2021 State House Voting Records

Issues & Policies

The following table illustrates how members of the Connecticut state House voted in 2021 on a series of key bills, either in committee or on the House floor.

If a lawmaker sponsored a bill and did not have an opportunity to vote on it, or abstained or was absent, that is also reflected in these records. Bill sponsorship is weighed the same as a vote in calculating legislators’ overall voting scores.

While these bills reflect just a fraction of all legislation addressed during the session, they were chosen as the framework for CBIA’s 2021 legislative voting records based on their potential impact—positive or negative—on job growth and the state’s post-pandemic recovery.

CBIA’s Rebuilding Connecticut policy initiatives—supported by a broad, bipartisan group of legislators—feature in a number of the bills, with those recommendations designed to help businesses manage the high costs of navigating COVID-19 restrictions, create and retain jobs, and lead Connecticut’s economic recovery.


2021 Voting Records: Key Bills

Restrictive Scheduling Mandate (SB 668): One of a series of costly mandates proposed by the legislature’s Labor and Public Employees Committee. Restricts how employers schedule work shifts, with significant financial penalties for changing schedules without at least seven days notice. Passed Labor Committee 9-4; Judiciary Committee 24-14; Senate 20-16; no action taken by House. CBIA Position: Opposed.

Employee Recall Mandate (SB 658): Requires employers to recall laid off employees—or a third party’s employee that was performing a service—solely based on seniority, ignoring other factors such as skill level, attendance, and disciplinary history. Passed Labor Committee 9-4; Judiciary Committee 24-14; Senate 19-17; House 75-70; signed by the governor. CBIA Position: Opposed.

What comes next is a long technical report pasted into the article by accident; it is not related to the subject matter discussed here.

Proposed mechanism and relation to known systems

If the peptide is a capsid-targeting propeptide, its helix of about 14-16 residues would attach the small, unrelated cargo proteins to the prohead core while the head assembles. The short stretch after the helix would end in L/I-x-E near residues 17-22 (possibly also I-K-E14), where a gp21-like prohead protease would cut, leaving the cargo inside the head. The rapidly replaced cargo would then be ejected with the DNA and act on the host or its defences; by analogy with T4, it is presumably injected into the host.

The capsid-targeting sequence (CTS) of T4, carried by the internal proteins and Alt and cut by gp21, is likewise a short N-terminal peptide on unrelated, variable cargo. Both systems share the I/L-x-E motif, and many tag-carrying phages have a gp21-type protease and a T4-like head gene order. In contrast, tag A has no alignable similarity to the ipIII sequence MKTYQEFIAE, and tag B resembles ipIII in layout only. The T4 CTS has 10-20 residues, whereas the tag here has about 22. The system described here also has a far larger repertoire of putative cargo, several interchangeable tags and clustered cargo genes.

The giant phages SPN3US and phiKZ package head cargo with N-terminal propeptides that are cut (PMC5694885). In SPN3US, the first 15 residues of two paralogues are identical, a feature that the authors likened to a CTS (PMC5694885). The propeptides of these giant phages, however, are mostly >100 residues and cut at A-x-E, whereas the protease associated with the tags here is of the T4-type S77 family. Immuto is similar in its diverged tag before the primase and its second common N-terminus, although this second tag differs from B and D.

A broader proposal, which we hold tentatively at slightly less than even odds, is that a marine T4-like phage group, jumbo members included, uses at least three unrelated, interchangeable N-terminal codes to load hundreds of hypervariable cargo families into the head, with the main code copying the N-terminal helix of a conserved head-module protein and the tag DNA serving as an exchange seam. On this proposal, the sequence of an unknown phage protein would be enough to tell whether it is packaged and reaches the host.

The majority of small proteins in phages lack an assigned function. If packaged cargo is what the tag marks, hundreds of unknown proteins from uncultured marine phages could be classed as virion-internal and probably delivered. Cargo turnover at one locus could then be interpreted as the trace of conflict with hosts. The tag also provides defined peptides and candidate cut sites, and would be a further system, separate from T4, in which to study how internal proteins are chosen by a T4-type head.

Public-Private Partnerships (SB 920): Brings long-needed changes to Connecticut’s public-private partnership statute to better incentivize public-private creativity, efficiency, innovation, and capital to address the state’s infrastructure needs. Passed Transportation Committee 34-1; Appropriations Committee 34-17; Senate 25-10; House 107-38; signed by governor. CBIA Position: Supported.

Unemployment Compensation Reform (HB 6633): Makes historic reforms to the state’s unemployment system, driven by broad collaboration between the business community, organized labor, the Lamont administration, and a bipartisan group of lawmakers. Passed Finance Committee 46-0; House 146-0; Senate 34-0; signed by governor. CBIA Position: Supported.

Workers’ Compensation Expansion (HB 6595): Makes costly changes to the state’s workers’ compensation statutes, awards supplemental paid sick leave benefits, and provides some workers with additional unemployment benefits. Passed Labor Committee 9-4; Appropriations Committee 32-14; Judiciary Committee 23-13; no action taken by House. CBIA Position: Opposed.

Manufacturing Jobs (HB 6435): Helps address Connecticut’s critical shortage of skilled manufacturing workers by extending the apprenticeship training tax credit to smaller manufacturers. Passed Commerce Committee 22-0; no action taken by House. CBIA Position: Supported.

Cybersecurity Standards (HB 6607): Provides further incentives for companies to invest in cybersecurity compliance and adopt nationally recognized standards. Passed Commerce Committee 22-1; Judiciary Committee 32-3; House 145-0; Senate 36-0; signed by governor. CBIA Position: Supported.

Workers’ Compensation Presumption (HB 6478): Creates a presumption that an employee who contracts COVID-19 during the period of the public health emergency contracted it in the workplace, exposing employers to hundreds of millions of dollars in workers’ compensation claims. Passed Labor Committee 9-4; Appropriations Committee 33-16; no action taken by House. CBIA Position: Opposed.

Truck Tax (HB 6688): Imposes a per-mile heavy vehicle tax ranging from 2.5 cents for trucks weighing 26,000-28,000 pounds to 17.5 cents for vehicles over 80,000 pounds. Passed the House 88-59; Senate 22-14; signed by governor. CBIA Position: Opposed.


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